I’ve known Jerry for more than 40 years. We met through a mutual friend in high school, albeit an unlikely match: Jerry was a star athlete in three sports and I was a nerd who wrote for the school paper and belonged to the Ecology Club. The most obvious difference between us, however, is that Jerry is an African-American.
When we were seniors, I had a weekly news show on the local radio station and was asked to be the emcee at the prom. Jerry was nominated to be prom king. Neither one of us had dates. My reason for being dateless was the aforementioned nerdiness. Jerry’s was because in 1972, black guys rarely dated white girls. We went together, and had fun pestering the less enlightened members of our class by asking them how they felt about interracial dating.
Jerry had some interesting observations that he posted on Facebook last month after the exoneration of George Zimmerman. Among other things, he suggested that most of us do not know what it is like to be black in America. One response was from a pretty hostile white guy upset at that generalization. I’m with Jerry on this one. I don’t have a clue.
I lived on the south side of Chicago in seminary and got a soupcon of being in the racial minority. One nasty winter night I was both low on gasoline and late for teaching a class at a suburban congregation. It was before self-serve gas stations and it took me quite a while to realize that I wasn’t going to be served because I was white.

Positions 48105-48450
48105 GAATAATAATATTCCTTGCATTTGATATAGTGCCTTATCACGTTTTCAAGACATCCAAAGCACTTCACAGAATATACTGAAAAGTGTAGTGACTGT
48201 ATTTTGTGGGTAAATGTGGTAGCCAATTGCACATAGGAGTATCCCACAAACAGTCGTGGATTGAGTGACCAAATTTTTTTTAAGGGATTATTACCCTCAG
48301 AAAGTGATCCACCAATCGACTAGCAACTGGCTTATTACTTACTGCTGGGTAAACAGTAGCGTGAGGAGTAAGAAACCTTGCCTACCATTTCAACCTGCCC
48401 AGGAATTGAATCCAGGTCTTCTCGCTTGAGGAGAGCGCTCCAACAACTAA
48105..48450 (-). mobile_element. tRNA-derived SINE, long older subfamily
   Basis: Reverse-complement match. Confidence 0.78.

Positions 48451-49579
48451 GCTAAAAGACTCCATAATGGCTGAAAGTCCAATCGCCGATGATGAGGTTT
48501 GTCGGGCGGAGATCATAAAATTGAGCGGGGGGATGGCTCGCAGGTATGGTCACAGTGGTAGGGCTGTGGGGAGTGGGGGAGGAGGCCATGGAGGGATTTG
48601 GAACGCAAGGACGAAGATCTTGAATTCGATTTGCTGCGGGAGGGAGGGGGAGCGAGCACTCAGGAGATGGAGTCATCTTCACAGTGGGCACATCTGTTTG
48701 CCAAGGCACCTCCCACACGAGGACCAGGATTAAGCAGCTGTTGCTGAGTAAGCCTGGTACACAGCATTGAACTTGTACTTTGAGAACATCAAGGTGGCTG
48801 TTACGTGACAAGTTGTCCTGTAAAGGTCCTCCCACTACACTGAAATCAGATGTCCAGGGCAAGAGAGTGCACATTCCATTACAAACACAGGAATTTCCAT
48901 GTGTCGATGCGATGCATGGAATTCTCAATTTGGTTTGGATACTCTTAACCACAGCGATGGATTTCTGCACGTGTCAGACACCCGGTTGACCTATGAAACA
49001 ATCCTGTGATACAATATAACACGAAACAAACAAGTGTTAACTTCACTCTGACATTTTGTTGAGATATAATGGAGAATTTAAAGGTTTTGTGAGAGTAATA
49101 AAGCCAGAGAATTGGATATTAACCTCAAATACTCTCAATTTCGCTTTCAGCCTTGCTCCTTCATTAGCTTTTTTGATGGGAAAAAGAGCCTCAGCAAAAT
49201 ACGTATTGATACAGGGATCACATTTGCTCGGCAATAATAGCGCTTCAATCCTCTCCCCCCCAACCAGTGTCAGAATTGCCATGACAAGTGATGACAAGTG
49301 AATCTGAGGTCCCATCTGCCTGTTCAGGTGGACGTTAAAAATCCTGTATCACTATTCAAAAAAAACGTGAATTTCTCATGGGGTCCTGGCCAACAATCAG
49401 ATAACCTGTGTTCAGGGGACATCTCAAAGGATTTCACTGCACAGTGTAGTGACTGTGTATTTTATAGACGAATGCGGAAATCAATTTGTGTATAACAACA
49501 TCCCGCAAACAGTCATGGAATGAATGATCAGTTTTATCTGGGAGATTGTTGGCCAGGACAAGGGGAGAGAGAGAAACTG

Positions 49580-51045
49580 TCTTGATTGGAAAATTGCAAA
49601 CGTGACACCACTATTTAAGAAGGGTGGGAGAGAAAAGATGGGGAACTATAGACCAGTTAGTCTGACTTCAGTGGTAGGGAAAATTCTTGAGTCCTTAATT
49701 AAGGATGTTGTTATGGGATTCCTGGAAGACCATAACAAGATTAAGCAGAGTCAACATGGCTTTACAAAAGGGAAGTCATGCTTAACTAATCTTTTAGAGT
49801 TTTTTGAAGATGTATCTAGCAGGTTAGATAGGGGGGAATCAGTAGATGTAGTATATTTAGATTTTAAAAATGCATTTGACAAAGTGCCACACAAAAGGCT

I arrived late to class with a full load of righteous indignation. My middle school students were riveted by my rant about injustice and then I noticed that the only African-American kid in the class was looking down with a grin on his face. I stopped suddenly and he looked up. “I just learned something, didn’t I?” I asked. His grin grew larger as he silently nodded. I’ve learned, but I still don’t have a clue.
Jerry lives in what I thought was a pretty progressive university town. He has been called the old familiar epithet twice this year: once by a well-dressed young man and once by a guy with a Ph.D. Here’s the thing: I am guilty of racism. It is an ugly confession, but I have drawn conclusions about people because of skin color or ethnicity. While I’m confessing, I should add sexism, ageism and classism to the list and I’m still not sure how I feel about tall, thin people. We all do it because the most primitive part of our brain is wired to perceive difference as threat. Only by staying aware of that frightful reality and the tendency to revert to primitive default characteristics do I have a chance at becoming the person I want to be.
Default characteristics may have played a role in the death of Trayvon Martin. I also imagine that had George Zimmerman not been able to hide his fear and his rage and his desperate desire to be powerful behind the barrel of a gun, there might not have been any confrontation. He might have put the “watch” back in Neighborhood Watch and waited for trained law enforcement professionals to assess the situation. Preconceived notions are frequently wrong. Preconceived notions with deadly force turn tragic.
• Steve Hammer is the pastor at Esperanza Lutheran Church in Ahwatukee Foothills.